Help, totally new to mounting...

Discussion in 'Presentation & Marketing' started by xtolsniffer, Apr 1, 2013.

  1. xtolsniffer

    xtolsniffer Member

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    Dear all,
    so far I have not found the need to properly mount anything I've done to date. What I tend to do is to print (on RC paper) a 7x5" image on a 10"x8" paper which leaves a 1.5" border all around then either frame this with no over-mat or put it in an album with sticky corners (don't know if that is the proper term for them!). However, I'm thinking of putting in a set of ten prints for the Licentiateship of the Royal Photographic Society (LRPS), something I've wanted to try for for years. The recommended format (though not compulsory) is a 10"x8" or A4 print onto a 20"x16" mount. The mount size for this image seems a little over the top for me, but hey, that's what it says. Now, I don't have a borderless easel, so I'd be looking to print onto 10"x8" with a 1/4" border all around (the smallest I can do), but then what? Would I trim the print and just mount it onto 20"x16" mount board? Would I not trim and put on an over-mat, or is that too flashy for a mount of that size? The print would then also have unequal borders at the top and sides. I have no idea really what to try for, so any suggestions of what looks good for a 10"x8" print is welcome!
     
  2. dpurdy

    dpurdy Subscriber

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    If you go to an art store you will find they sell tape for hinging. Since you print on rc and it will have a mat over it there isn't much concern with needing to dry mount the print to the backing. Just put a couple pieces of the hinging tape on the top of the print so it is covered by the mat.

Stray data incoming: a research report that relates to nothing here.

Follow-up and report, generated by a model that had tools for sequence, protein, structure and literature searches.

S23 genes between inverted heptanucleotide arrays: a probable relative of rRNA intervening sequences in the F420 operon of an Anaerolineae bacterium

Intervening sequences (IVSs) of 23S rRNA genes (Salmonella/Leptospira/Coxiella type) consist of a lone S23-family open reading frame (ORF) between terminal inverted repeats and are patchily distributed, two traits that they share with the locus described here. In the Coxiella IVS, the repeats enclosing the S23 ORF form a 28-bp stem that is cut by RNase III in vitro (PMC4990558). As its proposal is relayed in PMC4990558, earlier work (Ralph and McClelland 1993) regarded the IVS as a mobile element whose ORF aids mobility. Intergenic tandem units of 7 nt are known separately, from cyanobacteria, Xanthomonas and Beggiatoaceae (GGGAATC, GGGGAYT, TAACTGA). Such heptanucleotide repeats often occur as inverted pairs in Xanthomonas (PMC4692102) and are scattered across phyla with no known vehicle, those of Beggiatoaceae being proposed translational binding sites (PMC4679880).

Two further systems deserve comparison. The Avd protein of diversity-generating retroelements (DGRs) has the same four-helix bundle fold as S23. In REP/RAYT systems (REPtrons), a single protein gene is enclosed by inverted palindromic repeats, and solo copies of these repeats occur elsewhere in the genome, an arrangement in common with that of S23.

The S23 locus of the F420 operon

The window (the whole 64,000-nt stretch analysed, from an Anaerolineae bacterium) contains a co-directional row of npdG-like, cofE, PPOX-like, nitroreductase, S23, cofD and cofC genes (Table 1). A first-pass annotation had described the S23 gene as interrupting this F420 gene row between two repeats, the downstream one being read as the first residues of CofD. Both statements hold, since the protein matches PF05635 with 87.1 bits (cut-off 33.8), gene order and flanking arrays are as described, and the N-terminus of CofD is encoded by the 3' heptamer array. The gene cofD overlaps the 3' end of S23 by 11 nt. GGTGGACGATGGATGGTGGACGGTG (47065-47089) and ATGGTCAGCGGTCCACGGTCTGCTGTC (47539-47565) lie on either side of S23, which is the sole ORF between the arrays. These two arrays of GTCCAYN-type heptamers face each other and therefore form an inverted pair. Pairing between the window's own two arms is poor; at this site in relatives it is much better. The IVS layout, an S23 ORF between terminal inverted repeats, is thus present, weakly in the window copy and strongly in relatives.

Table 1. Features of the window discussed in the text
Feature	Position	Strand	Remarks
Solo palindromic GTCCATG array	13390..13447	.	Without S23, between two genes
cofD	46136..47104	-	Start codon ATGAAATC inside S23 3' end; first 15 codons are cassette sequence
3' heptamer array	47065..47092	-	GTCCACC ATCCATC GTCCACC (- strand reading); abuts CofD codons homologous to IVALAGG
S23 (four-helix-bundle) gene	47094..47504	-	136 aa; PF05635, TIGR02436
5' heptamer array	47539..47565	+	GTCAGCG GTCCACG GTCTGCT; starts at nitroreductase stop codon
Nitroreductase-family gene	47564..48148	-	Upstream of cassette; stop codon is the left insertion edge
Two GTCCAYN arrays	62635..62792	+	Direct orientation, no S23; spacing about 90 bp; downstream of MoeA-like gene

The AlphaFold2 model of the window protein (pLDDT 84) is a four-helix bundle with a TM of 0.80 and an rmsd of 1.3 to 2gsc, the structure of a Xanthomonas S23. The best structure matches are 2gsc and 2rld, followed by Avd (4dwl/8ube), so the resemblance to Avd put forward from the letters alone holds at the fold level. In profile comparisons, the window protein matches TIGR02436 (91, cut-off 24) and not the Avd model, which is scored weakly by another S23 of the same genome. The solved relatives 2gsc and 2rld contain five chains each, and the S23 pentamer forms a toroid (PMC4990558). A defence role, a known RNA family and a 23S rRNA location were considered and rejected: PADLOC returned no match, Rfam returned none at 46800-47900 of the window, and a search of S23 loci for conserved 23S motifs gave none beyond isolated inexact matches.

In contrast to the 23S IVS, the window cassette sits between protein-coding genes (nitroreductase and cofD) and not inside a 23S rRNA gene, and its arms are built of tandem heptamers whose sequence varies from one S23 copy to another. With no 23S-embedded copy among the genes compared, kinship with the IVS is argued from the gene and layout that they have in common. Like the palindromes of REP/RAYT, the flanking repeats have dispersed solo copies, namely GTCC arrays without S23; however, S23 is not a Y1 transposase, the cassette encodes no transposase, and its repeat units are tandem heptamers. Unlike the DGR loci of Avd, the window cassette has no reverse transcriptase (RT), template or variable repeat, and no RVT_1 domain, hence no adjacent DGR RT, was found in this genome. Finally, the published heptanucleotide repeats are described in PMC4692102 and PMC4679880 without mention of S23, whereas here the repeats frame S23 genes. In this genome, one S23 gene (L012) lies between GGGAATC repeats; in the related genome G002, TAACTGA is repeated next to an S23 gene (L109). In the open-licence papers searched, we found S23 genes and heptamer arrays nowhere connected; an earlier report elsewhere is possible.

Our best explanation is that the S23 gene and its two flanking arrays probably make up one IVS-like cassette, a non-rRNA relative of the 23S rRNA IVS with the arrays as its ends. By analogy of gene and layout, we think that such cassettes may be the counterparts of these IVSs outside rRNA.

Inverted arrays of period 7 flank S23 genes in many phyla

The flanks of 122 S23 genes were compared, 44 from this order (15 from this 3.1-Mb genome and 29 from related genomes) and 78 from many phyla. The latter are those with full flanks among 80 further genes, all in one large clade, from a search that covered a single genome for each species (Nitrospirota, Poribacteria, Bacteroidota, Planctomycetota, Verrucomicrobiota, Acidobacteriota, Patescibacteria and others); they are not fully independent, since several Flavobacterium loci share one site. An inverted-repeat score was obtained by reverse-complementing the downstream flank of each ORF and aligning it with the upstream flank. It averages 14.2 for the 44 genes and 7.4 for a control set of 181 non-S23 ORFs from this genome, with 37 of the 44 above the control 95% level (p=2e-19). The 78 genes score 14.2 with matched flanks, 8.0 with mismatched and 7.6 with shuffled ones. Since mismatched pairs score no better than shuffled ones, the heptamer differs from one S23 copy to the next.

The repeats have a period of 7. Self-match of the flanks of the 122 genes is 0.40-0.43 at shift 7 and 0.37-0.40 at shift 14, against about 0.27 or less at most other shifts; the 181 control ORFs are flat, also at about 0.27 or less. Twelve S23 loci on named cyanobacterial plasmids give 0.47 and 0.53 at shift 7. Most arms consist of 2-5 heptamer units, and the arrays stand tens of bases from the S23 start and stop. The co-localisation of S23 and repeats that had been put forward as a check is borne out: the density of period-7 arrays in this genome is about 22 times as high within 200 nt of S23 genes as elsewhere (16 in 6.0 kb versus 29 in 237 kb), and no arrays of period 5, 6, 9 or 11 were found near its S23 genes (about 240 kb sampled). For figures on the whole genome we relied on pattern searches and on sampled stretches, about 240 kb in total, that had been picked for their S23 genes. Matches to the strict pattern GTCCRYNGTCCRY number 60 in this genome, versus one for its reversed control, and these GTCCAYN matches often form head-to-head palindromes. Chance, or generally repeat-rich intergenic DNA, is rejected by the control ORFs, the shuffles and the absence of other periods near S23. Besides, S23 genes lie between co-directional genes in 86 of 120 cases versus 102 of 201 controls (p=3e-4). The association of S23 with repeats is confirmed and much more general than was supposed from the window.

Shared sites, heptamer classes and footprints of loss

Dennis
     
  3. Vincent Brady

    Vincent Brady Subscriber

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    My advice would be to try and contact someone from a local camera club who holds a distinction with the RPS. You could show them your work and method of presentation and ask for their advice. To be honest I think a panel of 8x10 RC prints mounted for the first time would have the odds stacked against it, unless the work is extraordinary original. I believe that the RPS run workshops on preparing panels and perhaps this might be another option for you to try. Good luck with your panel in any case.
     
  4. MattKing

    MattKing Subscriber

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    With RC paper in sheets, the paper lies very flat.

    So if you would like a borderless print, just place your paper on the baseboard in a particular spot, and allow the enlarged image to spill out just past the edge of the paper. Using a smallish aperture is a good idea as well (for the depth of focus).

    You can use cardboard "L"s and tape, or a larger easel with the blades adjusted to something like 10.12" x 8.12" to create the "nest" for the paper to sit in.

    You may have to trim the result slightly, given RC paper's tendency to wear at the corners.
     
  5. BMbikerider

    BMbikerider Member

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    What part of Yorkshire do you live in? I am in Nth Yorks and could possibly help as I used to give talks on print mounting to various clubs. Send me a Private Message if interested.